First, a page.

November 6, 2017

Transfer Pricing Update

Exchanging Money Tax & Business

More taxpayers are focusing on making sure they have adequate support for transfer pricing policies.

Transfer pricing continues to be one of the leading topics in the tax world. Pursuant to the changes implemented to documentation requirements by the Organization for Economic Co- operation and Development (“OECD”) and the Internal Revenue Service (“IRS”) over the last two years, and to the publicity surrounding high profile audits and assessments imposed on multinational entities (“MNEs”), more taxpayers are focusing on making sure they have adequate support for transfer pricing policies.

Marcum LLP’s Transfer Pricing Services group can help taxpayers navigate the rules and regulations in this increasingly complex area of taxation.

In 2015, the OECD published revised standards for transfer pricing documentation, including the new requirement for country by country (“CbC”) reporting. The new documentation requirements are applicable to MNEs with global revenues in excess of €750 million and are effective for years beginning January 1, 2016. The new reporting requirements were designed to increase global transparency. A three-tier approach to the documentation requires a master file, a local file, and a CbC report. All of the CbC information is filed in the MNE’s primary country of residence and is automatically exchanged with countries meeting certain conditions, in particular confidentiality and the proper use of the information.

In 2016, the U.S. Treasury Department followed suit and issued final regulations that align U.S. transfer pricing reporting requirements with those recommended by the OECD, including the CbC reporting and automatic sharing of information with other tax jurisdictions. Similar to the OECD guidelines, this new documentation is required for MNEs with global revenues in excess of $850 million. The regulations are effective for U.S. MNE groups that begin on or after the first day of a tax year of the ultimate parent entity that begins on or after June 30, 2016. (Although this date did not correspond with the OECD’s effective date, various solutions were offered including “parent surrogate filing” for MNEs subject to the OECD guidelines or early elections for implementation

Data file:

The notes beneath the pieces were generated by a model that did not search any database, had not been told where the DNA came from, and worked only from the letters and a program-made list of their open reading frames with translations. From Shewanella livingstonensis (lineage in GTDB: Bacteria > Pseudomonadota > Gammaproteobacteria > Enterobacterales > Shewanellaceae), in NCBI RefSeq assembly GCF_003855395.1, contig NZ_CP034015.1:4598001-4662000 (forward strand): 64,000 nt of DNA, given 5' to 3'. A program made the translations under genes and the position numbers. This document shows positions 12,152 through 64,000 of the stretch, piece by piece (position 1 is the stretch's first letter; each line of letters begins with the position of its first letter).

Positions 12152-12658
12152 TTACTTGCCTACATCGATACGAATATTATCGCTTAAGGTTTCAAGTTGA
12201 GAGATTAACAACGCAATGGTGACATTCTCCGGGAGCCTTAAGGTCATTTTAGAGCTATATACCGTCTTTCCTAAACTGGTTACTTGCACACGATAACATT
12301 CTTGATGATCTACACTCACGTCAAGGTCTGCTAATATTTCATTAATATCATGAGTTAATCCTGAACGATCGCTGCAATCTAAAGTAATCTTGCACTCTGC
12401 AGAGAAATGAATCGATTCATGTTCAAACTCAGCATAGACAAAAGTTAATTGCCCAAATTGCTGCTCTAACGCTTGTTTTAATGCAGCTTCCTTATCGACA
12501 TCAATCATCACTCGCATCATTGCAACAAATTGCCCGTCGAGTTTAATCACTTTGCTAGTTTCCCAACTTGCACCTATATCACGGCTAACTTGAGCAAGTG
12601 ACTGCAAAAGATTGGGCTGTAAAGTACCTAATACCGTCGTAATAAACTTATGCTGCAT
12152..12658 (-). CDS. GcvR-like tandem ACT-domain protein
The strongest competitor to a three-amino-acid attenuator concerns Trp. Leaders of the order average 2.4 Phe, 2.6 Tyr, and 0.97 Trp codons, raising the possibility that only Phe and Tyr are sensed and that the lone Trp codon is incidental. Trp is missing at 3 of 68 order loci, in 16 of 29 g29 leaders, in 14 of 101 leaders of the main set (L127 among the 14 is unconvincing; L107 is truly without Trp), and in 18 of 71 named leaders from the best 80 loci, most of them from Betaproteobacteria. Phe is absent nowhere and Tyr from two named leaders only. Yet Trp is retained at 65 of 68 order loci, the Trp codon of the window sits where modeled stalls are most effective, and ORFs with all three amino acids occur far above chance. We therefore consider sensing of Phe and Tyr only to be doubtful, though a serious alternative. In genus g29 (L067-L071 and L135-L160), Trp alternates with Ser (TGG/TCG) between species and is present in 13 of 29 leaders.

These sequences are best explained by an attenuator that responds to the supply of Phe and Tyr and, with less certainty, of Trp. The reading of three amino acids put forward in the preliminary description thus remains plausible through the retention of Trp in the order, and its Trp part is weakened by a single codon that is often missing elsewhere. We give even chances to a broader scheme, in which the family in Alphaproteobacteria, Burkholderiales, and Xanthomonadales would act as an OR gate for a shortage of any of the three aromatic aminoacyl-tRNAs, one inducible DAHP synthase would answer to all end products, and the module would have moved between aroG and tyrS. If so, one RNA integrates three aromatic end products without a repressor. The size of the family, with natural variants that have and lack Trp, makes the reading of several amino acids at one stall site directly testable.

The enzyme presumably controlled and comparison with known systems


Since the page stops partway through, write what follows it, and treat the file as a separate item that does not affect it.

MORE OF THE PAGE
by U.S. parents of MNEs).

Many MNEs are not subject to the new reporting requirements given the revenue thresholds. Those MNEs may continue to follow the existing documentation requirements. However, before the new standards became effective in most jurisdictions, many high profile audits, assessments, and cases brought the perils of a transfer pricing audit to the forefront for MNE taxpayers. Many of these cases involve transfer pricing issues for intellectual property and the allocation of services.

In the U.S. and other taxing jurisdictions, whether subject to the new regulations or the old regulations for documentation of transfer pricing, there can be severe penalties for failure to provide documentation to support MNE transfer pricing. In the U.S., there are two types of penalty thresholds: the valuation (transactional) threshold and the net §482 (as defined in the Internal Revenue Code) adjustment threshold. These penalties are computed at either 20% or 40% of the underpayment of tax as a result of a transfer pricing adjustment.

In the U.S., if a MNE is audited, the IRS typically asks for transfer pricing documentation at the beginning of the audit. The taxpayer has 30 days to produce the documentation report in order to obtain protection from the potentially onerous penalties. v Commissioner
The IRS began its audit of Amazon’s cost sharing arrangement (“CSA”) beginning in 2008. In 2011, the IRS asserted a transfer pricing adjustment increasing Amazon’s income by approximately $3.4 billion.

The Tax Court held that Amazon’s use of the comparable uncontrolled transaction (“CUT”) method was the best method in performing the analysis of Amazon’s intangible property. The IRS applied a discounted-cash-flow (“DCF”) method to the expected cash flows from the European business to determine that the value of the intangible property should have been $3.6 billion. Amazon successfully argued that the IRS inflated the value of the intangible property by improperly including in it the value of subsequently developed intangible property, in violation of the regulations.